Grade pressure is pretty extreme here at EIS. In fact it is so important to some parents that their students get high grades, that sometimes things get a little out of hand. Some examples:
-We’ve heard stories of students (and parents) who will send projects off to get professionally made rather than create them on their own. Jesse has been advised to make science fair boards an in-class project since in the past many students have turned in professionally designed experiments that they had little or no involvement with themselves.
-I have students who have friends/family members do their sketchbook homework for them. You may not be aware of my art teaching philosophy, but it is not based on ability! In fact all homework is graded on effort, thoughtfulness and attention to detail. I was quite surprised this week to find one of my students with a sketchbook full of very fancy drawings that don’t match his classwork.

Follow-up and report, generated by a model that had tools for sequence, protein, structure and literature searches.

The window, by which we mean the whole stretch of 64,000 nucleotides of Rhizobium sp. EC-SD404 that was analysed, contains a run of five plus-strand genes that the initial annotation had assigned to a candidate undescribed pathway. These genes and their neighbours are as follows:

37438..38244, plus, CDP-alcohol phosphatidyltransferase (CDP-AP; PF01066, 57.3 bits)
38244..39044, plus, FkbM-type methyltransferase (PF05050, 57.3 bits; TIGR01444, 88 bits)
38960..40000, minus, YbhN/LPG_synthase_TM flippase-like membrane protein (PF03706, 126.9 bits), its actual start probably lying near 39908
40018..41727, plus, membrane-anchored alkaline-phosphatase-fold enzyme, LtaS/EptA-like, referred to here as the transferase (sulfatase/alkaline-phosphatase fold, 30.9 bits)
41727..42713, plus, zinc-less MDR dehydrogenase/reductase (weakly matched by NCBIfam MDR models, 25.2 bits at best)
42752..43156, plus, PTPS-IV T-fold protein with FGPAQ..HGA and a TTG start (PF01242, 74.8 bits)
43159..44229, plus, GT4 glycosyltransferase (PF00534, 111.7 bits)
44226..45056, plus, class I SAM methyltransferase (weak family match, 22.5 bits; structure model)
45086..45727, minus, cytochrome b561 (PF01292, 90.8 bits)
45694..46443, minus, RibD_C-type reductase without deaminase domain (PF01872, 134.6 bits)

-A friend of ours who teaches 1st grade has been warned to be careful what work she sends as homework, because parents sometimes do it for their children.
-Some of our elementary teacher friends have to repeatedly explain to parents that 100% is a very special grade that is rarely given out. It seems that some parents expect their children to receive “perfect” on the majority of their assignments.
-When the last report cards came out, it was easy to see how concerned students get about their grades. Many even panicked about 1 or 2 points when they had a high A my class.
-The school grading system does not help this pressurized situation either. D’s have been eliminated from the grading scale and anything below a 70% is considered failing. As I’m sure you can imagine this greatly inflates the grades. It’s no wonder kids worry about a B when it is so close to having an F.
While it is nice that there are a significant number of conscientious students that care about their grades here, the high pressure situation they are in also leads to concern. Are they so worried about their grades that they are willing to cheat and lie to maintain a high average? And what is that teaching them about ethics? As for students that wouldn’t cheat, are they spending too much time worried about school and not enough being a kid? Just some thoughts…